Abstract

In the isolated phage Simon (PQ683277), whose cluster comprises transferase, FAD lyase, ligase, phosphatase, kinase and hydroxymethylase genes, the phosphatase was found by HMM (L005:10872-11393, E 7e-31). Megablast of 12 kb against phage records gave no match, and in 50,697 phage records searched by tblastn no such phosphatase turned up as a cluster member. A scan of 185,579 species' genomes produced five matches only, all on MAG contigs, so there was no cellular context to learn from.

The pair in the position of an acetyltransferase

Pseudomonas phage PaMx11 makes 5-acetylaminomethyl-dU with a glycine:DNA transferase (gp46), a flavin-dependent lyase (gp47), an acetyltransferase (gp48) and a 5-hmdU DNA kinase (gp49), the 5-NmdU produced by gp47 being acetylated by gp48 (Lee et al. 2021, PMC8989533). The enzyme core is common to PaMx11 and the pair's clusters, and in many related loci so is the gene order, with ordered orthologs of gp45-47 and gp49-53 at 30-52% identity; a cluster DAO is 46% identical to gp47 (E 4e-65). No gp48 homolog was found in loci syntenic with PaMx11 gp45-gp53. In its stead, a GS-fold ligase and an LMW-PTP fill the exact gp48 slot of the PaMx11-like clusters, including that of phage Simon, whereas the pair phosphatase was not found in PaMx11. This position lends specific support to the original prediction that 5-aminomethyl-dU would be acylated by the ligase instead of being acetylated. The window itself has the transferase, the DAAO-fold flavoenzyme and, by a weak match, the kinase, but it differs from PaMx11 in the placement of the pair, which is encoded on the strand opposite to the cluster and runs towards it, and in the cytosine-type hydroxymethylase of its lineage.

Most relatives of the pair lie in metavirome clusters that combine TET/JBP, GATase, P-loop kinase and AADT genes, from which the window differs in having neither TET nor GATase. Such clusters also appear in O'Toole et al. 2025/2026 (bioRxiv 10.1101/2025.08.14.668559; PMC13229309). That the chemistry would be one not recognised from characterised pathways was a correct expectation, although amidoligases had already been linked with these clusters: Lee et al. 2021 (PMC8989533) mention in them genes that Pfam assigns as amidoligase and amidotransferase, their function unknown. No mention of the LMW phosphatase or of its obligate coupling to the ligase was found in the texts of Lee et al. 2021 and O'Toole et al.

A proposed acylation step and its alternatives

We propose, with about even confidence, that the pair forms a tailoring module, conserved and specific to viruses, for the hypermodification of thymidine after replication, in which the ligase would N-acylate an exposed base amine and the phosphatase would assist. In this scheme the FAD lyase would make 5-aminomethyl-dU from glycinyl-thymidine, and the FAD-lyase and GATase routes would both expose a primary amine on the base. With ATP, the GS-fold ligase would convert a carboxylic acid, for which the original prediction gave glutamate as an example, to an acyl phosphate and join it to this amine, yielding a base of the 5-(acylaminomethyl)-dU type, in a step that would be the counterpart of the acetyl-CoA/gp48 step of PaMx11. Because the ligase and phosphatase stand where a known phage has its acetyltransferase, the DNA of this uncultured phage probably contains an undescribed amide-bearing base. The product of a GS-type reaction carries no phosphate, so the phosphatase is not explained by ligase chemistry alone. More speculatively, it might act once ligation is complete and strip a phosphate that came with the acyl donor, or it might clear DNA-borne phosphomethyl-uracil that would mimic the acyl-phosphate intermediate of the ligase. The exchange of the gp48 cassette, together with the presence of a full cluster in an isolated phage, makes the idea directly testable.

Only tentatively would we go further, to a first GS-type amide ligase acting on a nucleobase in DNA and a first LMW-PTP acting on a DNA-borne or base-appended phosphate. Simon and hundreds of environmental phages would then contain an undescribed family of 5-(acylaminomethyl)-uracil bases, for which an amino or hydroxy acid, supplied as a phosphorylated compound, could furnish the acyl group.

The GATA ‘zinc-finger’ transcription factors are thought to have important roles in the control of hematopoiesis. GATA-1 and GATA-2 are found in the erythroid, mast cell, and megakaryocytic lineages, and GATA-3 in T lymphocytes. GATA-1 is required for erythroid development and has recently been shown by gene transfer to direct megakaryocytic differentiation of the primitive myeloid cell line 416B. Here we show that enforced expression in 416B cells of either the GATA-2 or GATA-3 gene also induces megakaryocytic differentiation, as assessed by cellular morphology, acetylcholinesterase activity, polyploid DNA content, and loss of Mac-1 expression. No erythroid or mast cell differentiation was found. Unexpectedly, the level of endogenous GATA-1 mRNA had increased 20- to 30-fold among the transfectants, whereas that of GATA-2 mRNA was unaltered and endogenous GATA-3 transcripts remained undetectable. This finding suggests that GATA-2 and GATA-3 lie upstream of GATA-1 in a regulatory hierarchy and that, in 416B cells, GATA-1 may mediate the phenotypic changes induced by GATA-2 or GATA-3. Furthermore, 416B cells treated with the DNA demethylating agent 5- azacytidine underwent megakaryocytic differentiation accompanied by a marked increase in the level of GATA-1 mRNA but not that of GATA-2 or GATA-3. These results strongly implicate GATA factors in megakaryocytic differentiation and suggest that, at least for 416B cells, GATA-1 is a dominant regulator of maturation along this lineage.

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